Zynga Suffers 90% Profit Decline, IPO Not Looking Good


With yesterday’s news of Zynga’s latest partnership with Google +, it was mentioned that Zynga suffered a 90% profit decline in their second quarter net income and their profit fell to $1.4 million in the quarter ending June 30, from $14 million a year earlier–the drop is associated with their recently released games, Empires & Allies and Adventure World, which were both costly to build.

This profit crunch is a bad omen especially when they’re planning for their initial public offering.  Back in July, it was reported that Zynga expects to raise almost a billion dollars in the IPO as they boasted of having 148 million monthly unique users in 166 countries who create and store more than 38,000 virtual items every second and spend 2 billion minutes a day with their service.  Back then, the $1 billion dream wasn’t so farfetched but with their massive profit drop, it now seems so unlikely.

Though revenue for the June quarter was up 114% year over year, Zynga’s “bookings”, which are the virtual good sales combined with ad revenue, were down 4% on a quarter over quarter basis for the first time in the company’s history.  Zynga look at their bookings as “the fundamental top-line metric we use to manage our business, as it reflects the sales activity in a given period.”

The 4% drop is associated with, aside from the costly build of Empires & Allies and Adventure World, the increased general and administrative expenses of about $27.1 million from March 31 to June 30, 2011 due to a $10.6 million in stock-based compensation expense related to a common stock warrant granted in June 2011, and the $10 million sign-on bonus in connection with an employment agreement with a new member of senior management and other headcount-related expenses.  Also, research and development expenses increased due to headcount-related expenses as hiring continued so that development and game enhancements push through.  And a former employee was paid a total of $8.8 million for stock compensation expenses related to the acceleration of vesting of stock options.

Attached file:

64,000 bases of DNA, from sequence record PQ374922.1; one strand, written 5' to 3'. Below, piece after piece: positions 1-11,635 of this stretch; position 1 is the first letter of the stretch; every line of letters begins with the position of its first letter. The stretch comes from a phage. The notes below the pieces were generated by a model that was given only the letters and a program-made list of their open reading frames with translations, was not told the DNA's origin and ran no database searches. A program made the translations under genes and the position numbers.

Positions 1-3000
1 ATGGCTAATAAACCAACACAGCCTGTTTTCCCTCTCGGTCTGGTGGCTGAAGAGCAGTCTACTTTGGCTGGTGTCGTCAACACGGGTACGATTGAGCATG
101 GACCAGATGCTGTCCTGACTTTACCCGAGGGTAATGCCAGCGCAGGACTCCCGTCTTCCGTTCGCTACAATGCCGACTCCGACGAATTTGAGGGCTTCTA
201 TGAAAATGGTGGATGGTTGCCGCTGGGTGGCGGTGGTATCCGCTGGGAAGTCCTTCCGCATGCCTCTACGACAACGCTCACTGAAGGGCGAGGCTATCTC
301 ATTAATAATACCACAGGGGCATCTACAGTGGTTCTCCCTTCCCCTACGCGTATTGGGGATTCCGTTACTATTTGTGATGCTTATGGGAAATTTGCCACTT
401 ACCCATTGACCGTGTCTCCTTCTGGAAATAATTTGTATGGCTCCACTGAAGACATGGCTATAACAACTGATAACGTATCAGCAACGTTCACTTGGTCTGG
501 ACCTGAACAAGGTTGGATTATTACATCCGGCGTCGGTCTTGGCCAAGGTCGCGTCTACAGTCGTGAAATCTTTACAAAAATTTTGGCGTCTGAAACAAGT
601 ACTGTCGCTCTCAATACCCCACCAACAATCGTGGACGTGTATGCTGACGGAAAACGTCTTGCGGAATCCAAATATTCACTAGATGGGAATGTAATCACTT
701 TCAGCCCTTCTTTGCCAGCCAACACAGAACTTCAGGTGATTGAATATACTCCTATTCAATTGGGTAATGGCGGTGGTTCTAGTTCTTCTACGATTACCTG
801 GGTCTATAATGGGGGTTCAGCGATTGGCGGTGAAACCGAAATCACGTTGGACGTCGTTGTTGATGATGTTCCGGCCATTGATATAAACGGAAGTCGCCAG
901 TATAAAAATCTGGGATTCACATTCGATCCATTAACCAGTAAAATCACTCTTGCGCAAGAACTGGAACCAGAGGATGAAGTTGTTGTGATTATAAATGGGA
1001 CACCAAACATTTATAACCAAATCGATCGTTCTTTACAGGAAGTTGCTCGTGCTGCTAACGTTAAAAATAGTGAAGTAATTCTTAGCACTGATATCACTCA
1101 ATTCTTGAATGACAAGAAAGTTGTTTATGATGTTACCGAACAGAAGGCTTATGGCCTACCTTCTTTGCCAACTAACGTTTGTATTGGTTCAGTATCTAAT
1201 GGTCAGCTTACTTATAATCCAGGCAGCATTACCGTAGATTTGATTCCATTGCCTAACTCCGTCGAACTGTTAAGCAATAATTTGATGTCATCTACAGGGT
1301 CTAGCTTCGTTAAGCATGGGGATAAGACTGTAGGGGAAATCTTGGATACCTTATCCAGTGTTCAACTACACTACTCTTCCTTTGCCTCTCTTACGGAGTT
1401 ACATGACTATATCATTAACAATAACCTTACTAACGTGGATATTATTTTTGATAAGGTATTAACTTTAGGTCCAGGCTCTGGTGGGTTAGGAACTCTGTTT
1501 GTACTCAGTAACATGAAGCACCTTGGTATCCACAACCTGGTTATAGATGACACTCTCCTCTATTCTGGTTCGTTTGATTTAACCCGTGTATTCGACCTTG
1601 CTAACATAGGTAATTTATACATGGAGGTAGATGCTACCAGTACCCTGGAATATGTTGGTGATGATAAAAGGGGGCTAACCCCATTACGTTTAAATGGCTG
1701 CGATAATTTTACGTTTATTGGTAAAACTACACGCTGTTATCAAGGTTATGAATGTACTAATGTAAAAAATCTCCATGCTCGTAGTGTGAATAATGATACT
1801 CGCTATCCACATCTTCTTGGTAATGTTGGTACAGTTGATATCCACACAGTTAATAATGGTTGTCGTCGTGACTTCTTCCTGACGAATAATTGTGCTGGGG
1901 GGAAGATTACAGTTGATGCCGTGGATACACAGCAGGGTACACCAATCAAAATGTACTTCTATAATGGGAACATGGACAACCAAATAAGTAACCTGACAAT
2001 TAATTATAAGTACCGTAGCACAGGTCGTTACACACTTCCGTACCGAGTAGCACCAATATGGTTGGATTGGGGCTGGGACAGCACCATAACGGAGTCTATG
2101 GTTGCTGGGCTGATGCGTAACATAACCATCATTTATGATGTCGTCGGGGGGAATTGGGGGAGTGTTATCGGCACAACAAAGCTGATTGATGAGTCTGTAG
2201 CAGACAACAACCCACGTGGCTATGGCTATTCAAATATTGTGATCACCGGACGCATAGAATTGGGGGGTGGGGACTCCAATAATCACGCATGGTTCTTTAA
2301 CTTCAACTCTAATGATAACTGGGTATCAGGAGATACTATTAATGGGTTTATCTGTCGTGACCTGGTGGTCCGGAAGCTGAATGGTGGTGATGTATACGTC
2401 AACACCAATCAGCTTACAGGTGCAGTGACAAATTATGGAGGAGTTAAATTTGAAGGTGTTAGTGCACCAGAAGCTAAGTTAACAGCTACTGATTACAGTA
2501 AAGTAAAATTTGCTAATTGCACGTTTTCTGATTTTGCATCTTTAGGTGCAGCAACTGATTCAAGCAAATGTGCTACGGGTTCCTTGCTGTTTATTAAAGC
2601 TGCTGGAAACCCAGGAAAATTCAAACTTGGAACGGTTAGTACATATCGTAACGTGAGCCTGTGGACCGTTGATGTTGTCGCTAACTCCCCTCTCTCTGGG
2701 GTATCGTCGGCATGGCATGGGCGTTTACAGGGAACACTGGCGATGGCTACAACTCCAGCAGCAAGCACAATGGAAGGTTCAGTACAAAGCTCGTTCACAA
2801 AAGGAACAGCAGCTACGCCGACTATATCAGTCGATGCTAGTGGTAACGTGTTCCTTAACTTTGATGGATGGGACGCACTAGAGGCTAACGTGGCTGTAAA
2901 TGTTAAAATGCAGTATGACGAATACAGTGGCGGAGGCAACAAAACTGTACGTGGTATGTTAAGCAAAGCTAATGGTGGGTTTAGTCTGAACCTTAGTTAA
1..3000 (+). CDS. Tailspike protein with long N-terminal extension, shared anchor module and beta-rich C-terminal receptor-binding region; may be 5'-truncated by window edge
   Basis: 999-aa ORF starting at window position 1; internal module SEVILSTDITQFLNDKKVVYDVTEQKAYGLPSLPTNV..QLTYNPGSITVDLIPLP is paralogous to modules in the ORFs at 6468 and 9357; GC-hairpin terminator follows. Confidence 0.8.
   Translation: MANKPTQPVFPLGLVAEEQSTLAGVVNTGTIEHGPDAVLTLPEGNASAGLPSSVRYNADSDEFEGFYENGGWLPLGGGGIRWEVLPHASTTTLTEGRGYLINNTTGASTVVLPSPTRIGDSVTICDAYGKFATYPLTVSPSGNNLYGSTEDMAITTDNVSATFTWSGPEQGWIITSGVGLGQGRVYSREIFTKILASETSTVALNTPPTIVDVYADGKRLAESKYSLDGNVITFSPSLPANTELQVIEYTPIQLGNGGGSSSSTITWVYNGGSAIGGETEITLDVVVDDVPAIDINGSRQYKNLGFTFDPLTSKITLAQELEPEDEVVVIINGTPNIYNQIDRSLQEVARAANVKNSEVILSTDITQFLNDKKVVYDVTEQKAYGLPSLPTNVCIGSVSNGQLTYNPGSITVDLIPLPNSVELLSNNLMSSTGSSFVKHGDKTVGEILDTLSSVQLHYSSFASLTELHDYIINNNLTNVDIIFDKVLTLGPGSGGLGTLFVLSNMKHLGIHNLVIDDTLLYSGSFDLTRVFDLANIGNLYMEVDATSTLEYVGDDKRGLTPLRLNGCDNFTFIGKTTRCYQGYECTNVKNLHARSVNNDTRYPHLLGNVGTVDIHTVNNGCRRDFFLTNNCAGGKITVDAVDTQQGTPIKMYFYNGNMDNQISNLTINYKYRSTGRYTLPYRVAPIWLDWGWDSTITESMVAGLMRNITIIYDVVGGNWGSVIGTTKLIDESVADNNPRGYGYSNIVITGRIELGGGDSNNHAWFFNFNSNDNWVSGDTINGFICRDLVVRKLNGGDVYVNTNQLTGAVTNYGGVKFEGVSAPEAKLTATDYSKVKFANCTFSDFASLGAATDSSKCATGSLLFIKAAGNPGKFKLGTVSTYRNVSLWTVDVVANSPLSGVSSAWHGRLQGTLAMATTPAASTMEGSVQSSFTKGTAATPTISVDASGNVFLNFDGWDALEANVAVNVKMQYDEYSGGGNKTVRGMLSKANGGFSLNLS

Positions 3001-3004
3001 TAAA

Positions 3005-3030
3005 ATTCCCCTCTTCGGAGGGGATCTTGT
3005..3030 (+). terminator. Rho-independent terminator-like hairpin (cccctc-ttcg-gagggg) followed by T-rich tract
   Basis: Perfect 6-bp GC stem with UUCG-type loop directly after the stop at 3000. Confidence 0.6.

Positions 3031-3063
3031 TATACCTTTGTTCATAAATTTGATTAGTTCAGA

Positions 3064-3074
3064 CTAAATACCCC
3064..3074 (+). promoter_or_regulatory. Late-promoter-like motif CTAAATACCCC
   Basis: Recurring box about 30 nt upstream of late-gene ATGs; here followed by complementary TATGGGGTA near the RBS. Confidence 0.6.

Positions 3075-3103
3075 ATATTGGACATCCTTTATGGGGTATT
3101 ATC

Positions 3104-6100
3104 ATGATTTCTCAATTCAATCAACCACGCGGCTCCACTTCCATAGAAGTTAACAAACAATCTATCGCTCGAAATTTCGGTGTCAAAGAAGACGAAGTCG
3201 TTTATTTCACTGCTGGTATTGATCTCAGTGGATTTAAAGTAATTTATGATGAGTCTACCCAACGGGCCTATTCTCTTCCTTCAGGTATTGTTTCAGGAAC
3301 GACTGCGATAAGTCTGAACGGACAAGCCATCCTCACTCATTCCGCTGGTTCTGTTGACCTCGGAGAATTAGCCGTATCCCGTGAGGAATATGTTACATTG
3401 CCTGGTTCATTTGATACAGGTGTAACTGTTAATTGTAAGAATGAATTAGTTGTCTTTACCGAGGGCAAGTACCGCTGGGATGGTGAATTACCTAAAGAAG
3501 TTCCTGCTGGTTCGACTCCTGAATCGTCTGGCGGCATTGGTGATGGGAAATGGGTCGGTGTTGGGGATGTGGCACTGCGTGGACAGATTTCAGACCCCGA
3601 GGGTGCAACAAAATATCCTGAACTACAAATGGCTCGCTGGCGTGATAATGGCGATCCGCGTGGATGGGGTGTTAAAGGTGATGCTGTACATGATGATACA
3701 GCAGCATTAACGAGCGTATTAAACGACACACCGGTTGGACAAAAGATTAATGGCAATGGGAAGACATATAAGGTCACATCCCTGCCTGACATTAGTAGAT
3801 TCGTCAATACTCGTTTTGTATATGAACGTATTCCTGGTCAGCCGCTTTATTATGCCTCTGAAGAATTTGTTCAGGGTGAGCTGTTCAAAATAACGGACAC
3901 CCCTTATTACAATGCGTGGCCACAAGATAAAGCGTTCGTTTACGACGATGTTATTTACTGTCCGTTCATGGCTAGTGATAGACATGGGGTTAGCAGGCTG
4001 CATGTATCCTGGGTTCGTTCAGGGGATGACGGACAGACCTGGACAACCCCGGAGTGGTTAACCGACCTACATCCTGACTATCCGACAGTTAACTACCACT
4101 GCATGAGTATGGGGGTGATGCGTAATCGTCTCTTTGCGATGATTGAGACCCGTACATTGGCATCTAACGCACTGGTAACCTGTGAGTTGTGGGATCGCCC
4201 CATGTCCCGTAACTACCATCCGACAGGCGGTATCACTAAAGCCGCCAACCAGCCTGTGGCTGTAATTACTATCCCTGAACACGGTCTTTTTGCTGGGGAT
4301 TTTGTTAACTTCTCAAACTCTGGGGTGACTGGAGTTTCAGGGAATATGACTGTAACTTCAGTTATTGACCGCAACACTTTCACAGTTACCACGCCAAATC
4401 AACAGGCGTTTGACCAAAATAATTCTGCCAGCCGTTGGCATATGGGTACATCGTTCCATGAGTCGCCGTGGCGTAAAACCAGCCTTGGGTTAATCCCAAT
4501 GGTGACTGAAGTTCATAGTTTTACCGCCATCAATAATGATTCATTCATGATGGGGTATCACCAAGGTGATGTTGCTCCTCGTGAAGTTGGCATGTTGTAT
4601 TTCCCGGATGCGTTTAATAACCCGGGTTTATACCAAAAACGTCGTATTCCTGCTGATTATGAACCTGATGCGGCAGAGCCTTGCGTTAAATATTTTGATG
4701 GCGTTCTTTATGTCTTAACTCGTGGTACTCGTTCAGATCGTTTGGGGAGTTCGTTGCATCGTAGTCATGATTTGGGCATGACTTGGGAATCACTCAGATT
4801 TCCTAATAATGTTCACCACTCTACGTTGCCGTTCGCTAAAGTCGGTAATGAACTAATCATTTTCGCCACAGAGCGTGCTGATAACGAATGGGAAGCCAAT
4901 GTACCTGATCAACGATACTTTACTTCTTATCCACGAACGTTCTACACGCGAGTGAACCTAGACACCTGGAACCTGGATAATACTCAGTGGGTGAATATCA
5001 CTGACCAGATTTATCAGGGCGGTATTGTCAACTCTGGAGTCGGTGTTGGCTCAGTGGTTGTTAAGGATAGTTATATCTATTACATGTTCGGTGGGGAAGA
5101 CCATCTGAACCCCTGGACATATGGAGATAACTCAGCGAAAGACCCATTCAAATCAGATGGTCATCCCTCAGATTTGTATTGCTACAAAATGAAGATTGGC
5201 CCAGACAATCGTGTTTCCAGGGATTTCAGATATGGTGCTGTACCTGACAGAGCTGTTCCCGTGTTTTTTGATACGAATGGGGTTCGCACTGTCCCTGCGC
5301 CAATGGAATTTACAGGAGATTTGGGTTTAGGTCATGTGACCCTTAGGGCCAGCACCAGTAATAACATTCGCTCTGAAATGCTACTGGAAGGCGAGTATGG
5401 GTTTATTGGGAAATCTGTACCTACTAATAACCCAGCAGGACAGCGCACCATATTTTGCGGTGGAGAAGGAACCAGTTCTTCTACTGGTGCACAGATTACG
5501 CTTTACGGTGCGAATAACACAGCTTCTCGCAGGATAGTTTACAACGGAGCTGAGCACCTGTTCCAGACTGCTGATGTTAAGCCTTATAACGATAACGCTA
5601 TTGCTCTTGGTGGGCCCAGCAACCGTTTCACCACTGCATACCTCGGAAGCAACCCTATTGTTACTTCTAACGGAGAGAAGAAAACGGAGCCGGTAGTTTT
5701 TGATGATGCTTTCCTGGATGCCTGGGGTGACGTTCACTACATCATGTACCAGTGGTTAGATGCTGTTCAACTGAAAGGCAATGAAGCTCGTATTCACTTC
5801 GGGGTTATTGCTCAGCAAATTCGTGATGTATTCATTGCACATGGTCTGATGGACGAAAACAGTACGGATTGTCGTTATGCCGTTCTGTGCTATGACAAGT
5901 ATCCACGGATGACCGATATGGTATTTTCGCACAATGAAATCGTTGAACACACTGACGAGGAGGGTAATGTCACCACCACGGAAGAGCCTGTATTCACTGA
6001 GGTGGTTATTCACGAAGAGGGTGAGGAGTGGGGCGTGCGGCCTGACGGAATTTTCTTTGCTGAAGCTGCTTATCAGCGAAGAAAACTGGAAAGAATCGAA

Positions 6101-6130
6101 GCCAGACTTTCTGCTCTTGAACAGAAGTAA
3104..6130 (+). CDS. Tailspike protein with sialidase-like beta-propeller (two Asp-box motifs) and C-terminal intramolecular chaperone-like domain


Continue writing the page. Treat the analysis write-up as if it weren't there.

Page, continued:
Zynga’s operating income was at $13 million year over year which is not good.  However, the company’s valuation increased from $13.98 billion to $14.05 billion.  This confusing data is simplified to this: since 2010, Zynga’s revenue growth came from cashing in on existing users and acquisitions, rather than from growing its user base.

Zynga will still probably go public at a high valuation but they need to find a way how to boost their user growth to attract more investors.  One step they’ve already taken is opening two of their games to Google+ users.  But the problem with this is that, those who are playing Zynga games on Facebook are likely still the ones who would be playing the games on Google+.  Google+ recently went public and as I’ve noticed, I’m getting game invites in Google+ from the same people who keep inviting me to play games on Facebook.  So even if Zynga brings all of their Facebook games to Google+, that probably won’t amount to much.  Expanding to Google+ doesn’t necessarily mean they’re increasing their user base.  And this is where Zynga needs to work on, how to increase their unique users per month.